The market for carbon offsets must be scaled up globally to make a sufficient dent in climate change, according to a new report that lays out a path toward a high-quality global carbon market.
What does any of this mean? Let’s take you through it.
Why is this report important?
The report was released by the Taskforce on Scaling Voluntary Carbon Markets, led by United Nations Special Envoy for Climate Action Mark Carney. It lays out principles and recommendations for bolstering and regulating — on a global scale — the market for voluntary carbon offsets, an increasingly popular tool for companies trying to neutralize some of their emissions of climate-warming carbon.
What are ‘offsets’ again?
The idea behind offsets is this: A company (or government or individual) can buy or trade a “credit” worth 1 metric ton of carbon, representing a portion of their emissions that they’re trying to neutralize by reducing carbon somewhere else. So revenue from that credit would go either toward the protection of a prescribed area of forest, for example, or toward an equivalent amount of carbon sequestered by carbon-capture technology, an as-yet underdeveloped method for removing carbon from the atmosphere. (More on that later.)
Aren’t offsets controversial?
Voluntary carbon markets have come under scrutiny, particularly nature-based offset projects, because in their early days, they did not always deliver their hoped-for climate impacts. Major advances have been made in the past decade in ensuring their long-term effectiveness, however. There are some remaining unresolved issues related to structures and standards, though — issues that are potentially holding back additional investment in carbon markets — and that’s what the task force’s report addresses directly.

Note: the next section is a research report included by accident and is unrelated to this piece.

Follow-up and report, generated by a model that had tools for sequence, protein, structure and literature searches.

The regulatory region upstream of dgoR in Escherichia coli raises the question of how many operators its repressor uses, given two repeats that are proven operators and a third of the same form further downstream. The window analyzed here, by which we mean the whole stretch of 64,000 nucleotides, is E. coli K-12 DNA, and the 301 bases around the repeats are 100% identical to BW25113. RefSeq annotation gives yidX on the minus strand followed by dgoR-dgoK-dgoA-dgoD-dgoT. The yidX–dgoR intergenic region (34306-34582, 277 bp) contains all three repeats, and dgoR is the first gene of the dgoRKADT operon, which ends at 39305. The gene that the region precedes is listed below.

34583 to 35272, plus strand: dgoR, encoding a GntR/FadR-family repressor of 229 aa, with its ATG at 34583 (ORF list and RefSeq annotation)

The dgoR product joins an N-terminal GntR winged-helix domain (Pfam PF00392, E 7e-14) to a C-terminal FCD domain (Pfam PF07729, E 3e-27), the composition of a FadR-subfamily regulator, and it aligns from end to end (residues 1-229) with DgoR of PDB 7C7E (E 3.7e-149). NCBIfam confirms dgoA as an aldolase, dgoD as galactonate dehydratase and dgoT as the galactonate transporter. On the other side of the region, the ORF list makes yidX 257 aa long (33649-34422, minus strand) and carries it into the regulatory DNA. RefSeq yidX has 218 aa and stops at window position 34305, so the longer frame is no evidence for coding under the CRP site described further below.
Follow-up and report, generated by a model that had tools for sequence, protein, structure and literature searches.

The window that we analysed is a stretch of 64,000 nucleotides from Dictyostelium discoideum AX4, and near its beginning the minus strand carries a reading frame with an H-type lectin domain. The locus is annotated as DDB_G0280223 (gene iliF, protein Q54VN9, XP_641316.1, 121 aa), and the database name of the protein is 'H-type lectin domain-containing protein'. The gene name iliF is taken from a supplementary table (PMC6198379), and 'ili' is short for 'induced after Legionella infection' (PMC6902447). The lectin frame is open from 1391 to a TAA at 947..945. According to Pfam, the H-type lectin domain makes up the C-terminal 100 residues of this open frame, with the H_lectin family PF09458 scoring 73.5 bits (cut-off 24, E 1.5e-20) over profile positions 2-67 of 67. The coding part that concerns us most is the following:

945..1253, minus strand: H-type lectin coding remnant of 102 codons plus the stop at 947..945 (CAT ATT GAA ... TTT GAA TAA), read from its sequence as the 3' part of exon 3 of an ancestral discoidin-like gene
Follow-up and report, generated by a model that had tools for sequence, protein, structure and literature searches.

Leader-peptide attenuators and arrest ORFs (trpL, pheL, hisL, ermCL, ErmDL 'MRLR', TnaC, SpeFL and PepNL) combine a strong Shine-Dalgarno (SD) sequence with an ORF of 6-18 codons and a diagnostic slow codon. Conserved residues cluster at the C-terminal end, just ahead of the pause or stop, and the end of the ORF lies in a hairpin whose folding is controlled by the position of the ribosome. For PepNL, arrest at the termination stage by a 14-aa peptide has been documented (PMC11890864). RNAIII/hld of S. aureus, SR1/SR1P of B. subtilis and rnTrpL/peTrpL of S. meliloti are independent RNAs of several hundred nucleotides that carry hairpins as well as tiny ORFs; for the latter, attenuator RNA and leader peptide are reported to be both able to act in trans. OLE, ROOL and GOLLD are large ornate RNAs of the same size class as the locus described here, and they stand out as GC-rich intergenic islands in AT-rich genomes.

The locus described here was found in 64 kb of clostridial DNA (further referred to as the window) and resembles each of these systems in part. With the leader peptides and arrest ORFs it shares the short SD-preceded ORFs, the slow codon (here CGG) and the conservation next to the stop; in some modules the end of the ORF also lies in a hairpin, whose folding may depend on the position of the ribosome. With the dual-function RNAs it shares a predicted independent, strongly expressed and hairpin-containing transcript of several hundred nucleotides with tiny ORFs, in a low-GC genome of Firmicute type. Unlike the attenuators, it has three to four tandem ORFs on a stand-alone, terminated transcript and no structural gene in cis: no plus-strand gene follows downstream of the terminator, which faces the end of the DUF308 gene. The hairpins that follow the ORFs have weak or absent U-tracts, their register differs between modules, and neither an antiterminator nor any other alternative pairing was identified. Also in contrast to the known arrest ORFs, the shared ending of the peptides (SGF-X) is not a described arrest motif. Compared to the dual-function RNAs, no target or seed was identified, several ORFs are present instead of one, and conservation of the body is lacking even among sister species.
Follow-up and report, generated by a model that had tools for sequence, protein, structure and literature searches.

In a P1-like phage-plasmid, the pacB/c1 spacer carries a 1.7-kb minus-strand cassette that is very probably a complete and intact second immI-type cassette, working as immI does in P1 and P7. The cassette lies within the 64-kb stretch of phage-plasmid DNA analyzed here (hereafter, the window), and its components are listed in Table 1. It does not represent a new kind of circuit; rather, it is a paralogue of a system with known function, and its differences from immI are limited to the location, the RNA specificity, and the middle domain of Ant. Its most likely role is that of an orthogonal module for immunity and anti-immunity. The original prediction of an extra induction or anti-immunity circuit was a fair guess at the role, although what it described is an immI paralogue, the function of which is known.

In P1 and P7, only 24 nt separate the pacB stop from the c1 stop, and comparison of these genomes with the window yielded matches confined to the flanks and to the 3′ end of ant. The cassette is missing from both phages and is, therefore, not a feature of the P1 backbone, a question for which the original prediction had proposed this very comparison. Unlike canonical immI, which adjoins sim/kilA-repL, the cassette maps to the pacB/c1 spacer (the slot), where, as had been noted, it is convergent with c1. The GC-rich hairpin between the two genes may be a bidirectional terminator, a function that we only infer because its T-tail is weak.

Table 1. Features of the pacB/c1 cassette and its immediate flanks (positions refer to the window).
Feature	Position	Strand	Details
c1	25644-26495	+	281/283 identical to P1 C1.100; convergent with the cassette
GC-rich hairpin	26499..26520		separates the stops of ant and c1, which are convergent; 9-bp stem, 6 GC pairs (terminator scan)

So offsets are useful?
Even for companies looking to reduce their carbon footprint — as many are! — nature-based offsets represent one of the only immediate and effective ways for some high-emitting industries (airlines, cement manufacturers and more) to abate hard-to-cut emissions, while continuing to reduce emissions elsewhere in their operations.
So why are new standards and rules needed?
Good question. Let’s bring in an expert.
“Demand for offsets is surging, but it is stymied by the fact that the voluntary market for carbon offsets … has a panoply of different rules, strictures and standards,” said Agustin Silvani, a conservation finance expert at Conservation International.
To that end, the report calls for stronger governance, in the form of a body to establish and monitor standards, repair faulty validation and verification processes, and prevent fraud. All in all, the report is trying to ensure “high-quality” carbon offsets.
What do ‘high-quality’ projects look like?
Two examples for you.
On a national level, Costa Rica slashed deforestation rates through a tax that pays landowners to keep forests standing. The Central American country monitors deforestation rates to know whether they are getting results across the whole country or simply displacing (or delaying) deforestation. Through this system, Costa Rica generates US$ 30 million a year for forest conservation and has conserved or restored close to 1 million hectares (2.5 million acres). They’re now looking to sell the carbon credits generated through this program to international buyers.